German Chocolate Cookies — An EASY recipe for soft, chewy, fudgy chocolate cookies that are topped with a rich and creamy pecan coconut frosting! If you love German chocolate cake but don’t want to deal with layering and frosting an entire cake, these cookies are PERFECT! Great for holiday cookie platters, Valentine’s Day, or ‘just because’! They’re a Crumbl Cookies copycat and I promise that this homemade version is BETTER!
Table of Contents
- Easy German Chocolate Cookies Recipe
- Fun Fact: Copycat Recipe!
- Ingredients in German Chocolate Cookies
- Frosting Shortcut Tip
- How to Make German Chocolate Cookies
- More Cookie Baking Recipe Tips
- Make-Ahead Instructions
- Recipe FAQs
- Storage Instructions
- German Chocolate Cookies Recipe
- More Easy Chocolate Cookie Recipes:
Easy German Chocolate Cookies Recipe
These German chocolate cookies are reminiscent of a classic German chocolate cake, but recreated in cookie form complete with fudgy chocolate cookie base, a nutty-coconut German chocolate topping, and dotted with drizzled melted chocolate. There’s a trifecta of goodness going on!
Fun Fact: Copycat Recipe!
I designed this recipe after enjoying a Crumbl Cookies German Chocolate Cookie that was very similar to how my homemade version tastes. And let’s face it, homemade always tastes better!
The base cookie recipe comes from my Quadruple Fudgy Chocolate Cookies. I love this cookie base because it’s packed with chocolate so the cookies are ultra fudgy without being overly sweet. The texture is soft and chewy, but also perfectly light and not too dense which is a good thing since the topping, or German chocolate frosting, is just that.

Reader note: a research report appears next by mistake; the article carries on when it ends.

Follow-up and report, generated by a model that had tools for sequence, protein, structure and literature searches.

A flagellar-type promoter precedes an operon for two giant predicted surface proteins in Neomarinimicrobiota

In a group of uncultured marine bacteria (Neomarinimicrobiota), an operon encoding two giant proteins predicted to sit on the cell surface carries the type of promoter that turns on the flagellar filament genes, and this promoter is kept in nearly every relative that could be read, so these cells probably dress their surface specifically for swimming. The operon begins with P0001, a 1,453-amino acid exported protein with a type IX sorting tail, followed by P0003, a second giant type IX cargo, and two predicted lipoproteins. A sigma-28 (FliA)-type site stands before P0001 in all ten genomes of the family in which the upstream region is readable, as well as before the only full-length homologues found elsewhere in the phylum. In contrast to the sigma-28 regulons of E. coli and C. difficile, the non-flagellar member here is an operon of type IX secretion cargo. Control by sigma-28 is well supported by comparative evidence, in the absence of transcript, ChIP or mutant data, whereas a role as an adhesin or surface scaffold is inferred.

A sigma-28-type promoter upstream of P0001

The frosting is a classic German chocolate cake frosting made with sweetened shredded coconut and chopped pecans. It’s a boiled frosting recipe that’s made on the stovetop — and yes, you have to boil the frosting since it contains egg yolks. It’s more labor intensive than my typical cookie frostings, but the rich and creamy results are worth it! See my Tip below for a shortcut.
And because I can’t resist a little extra chocolate, I whisked together a quick chocolate ganache drizzle to top the cookies with. The drizzle is optional but it’s a lovely touch.
German chocolate cake cookies are the perfect “anytime” cookie when you have a chocolate craving.
Make them whenever you need a fast yet impressive cookie recipe like Valentine’s Day or for Christmas cookies. Actually, the coconut in the frosting makes me think of Easter and springtime, but German chocolate cookies also make an unexpected addition to holiday cookie trays!